Pictures from the X20 are sharp and saturated. The X-Trans sensor doesn't need the optical low-pass filter that's required for traditional Bayer pattern sensors, and this gives the X20 a bump in resolution. In general shooting conditions, the photos are quite impressive. Image noise is well controlled from ISO 100-400, moderate at ISO 800, and noticeable from ISO 1600 upward, particularly in the shadow areas. Shooting in Raw provides the best scenario at higher ISO settings.
I've experienced very few bumps in the road with this camera. Its design and control layout makes me want to pick it up and take pictures. However, there were a few quirks.
Once the battery runs low, you get very little warning. I recommend keeping a spare cell on hand, because when the red light starts flashing, you have next to no time remaining.
When composing nearby subjects with the optical viewfinder, keep in mind that parallax will affect the framing. I didn't find this troublesome for general scenes, but I do switch to the LCD for composing close-up subjects. Also, you should know that you are viewing only 85 percent of the scene via the optical viewfinder. For full view, switch to the LCD. And when the zoom is set to its widest focal length, you will see the lens barrel in the lower right corner of the optical viewfinder.
And finally, I find it odd that such a well-specified camera only sports a 460K dot LCD screen. It looks good, but others in its class look better.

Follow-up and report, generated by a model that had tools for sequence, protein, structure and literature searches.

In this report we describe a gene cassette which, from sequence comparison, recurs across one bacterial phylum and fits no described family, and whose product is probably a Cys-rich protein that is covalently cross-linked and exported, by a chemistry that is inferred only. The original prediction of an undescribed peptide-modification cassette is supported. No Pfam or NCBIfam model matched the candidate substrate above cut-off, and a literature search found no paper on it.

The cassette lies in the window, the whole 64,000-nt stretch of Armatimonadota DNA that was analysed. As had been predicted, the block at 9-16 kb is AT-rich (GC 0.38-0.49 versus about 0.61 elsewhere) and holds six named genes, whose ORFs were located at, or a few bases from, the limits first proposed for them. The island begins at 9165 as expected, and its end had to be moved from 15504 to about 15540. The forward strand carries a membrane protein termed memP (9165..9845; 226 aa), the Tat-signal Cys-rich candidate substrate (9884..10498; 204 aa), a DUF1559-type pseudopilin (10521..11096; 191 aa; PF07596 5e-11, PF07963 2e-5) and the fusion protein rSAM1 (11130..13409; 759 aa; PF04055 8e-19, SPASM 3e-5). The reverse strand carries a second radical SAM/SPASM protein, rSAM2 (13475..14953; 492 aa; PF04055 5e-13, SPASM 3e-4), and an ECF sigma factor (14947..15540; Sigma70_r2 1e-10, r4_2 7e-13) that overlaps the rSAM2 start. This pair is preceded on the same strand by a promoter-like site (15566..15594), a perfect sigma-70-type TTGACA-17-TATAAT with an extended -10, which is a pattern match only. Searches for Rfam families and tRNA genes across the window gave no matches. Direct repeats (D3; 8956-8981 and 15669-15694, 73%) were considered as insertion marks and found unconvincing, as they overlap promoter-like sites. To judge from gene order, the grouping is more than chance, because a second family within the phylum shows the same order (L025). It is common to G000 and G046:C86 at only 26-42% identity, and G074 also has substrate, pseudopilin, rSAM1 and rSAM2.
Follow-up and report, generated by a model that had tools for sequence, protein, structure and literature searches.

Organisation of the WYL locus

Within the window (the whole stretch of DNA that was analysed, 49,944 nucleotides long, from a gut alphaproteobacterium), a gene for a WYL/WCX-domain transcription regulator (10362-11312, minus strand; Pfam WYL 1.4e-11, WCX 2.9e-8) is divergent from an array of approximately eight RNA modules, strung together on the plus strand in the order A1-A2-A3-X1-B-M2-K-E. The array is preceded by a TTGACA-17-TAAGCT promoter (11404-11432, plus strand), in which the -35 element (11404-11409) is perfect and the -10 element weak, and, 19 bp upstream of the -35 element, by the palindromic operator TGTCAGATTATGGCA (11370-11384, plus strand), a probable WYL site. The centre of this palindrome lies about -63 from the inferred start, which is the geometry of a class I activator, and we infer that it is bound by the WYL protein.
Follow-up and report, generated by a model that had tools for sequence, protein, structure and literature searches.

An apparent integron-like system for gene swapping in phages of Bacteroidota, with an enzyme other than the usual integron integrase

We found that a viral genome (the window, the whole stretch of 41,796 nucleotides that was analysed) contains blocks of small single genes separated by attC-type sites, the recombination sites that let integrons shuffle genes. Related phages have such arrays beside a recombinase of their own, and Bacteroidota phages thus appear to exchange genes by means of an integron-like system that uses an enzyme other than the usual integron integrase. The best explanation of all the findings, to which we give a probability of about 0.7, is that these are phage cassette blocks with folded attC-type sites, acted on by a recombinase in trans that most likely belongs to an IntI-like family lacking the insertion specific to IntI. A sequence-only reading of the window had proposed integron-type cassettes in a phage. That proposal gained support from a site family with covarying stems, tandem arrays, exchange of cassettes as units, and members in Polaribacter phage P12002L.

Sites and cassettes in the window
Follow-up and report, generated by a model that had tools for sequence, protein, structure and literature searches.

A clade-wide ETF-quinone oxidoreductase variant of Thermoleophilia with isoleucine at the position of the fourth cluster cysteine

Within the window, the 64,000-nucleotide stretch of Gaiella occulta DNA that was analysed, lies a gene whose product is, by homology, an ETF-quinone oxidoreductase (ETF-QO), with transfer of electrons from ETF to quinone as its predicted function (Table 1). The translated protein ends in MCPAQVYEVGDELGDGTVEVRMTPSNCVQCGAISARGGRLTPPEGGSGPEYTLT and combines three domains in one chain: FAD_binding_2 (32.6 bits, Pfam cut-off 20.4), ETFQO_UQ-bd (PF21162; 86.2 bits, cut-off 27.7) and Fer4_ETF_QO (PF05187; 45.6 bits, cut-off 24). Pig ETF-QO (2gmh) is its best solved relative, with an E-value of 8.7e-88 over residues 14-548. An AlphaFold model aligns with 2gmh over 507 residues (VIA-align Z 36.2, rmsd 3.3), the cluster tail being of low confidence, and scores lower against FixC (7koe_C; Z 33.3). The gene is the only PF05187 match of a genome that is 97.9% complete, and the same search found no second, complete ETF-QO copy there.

The Fujifilm X20 is a handsome camera that uses high-quality materials with beautiful construction. It's a joy to hold. The fast zoom lens is sharp at all focal lengths. And having a bright optical viewfinder with data overlay is a blessing in sunny conditions.
But what I really like about this camera is the way it lets me explore photography. Even though the X20 is a responsive compact that can grab shots quickly, I often find myself experimenting with different options as I work a subject. The macro mode is fantastic, as are the advanced settings and film simulations.
I've also discovered that the Fujifilm X20 is a good infrared picture taker. Using the accessory Fujifilm Lens Hood (Mfr #16198744) to mount an R72 Infrared filter over the front of the lens, I can get an unique view of the world. Here's a vineyard and barn captured with this setup.
If you're a street shooter, set the X20 to B&W mode and marvel at how it quietly captures activity without drawing attention to itself. Even though it has plenty of "auto everything" modes, the more you know about photography, the more you can get out of this sophisticated camera.
Sign up for Computerworld eNewsletters.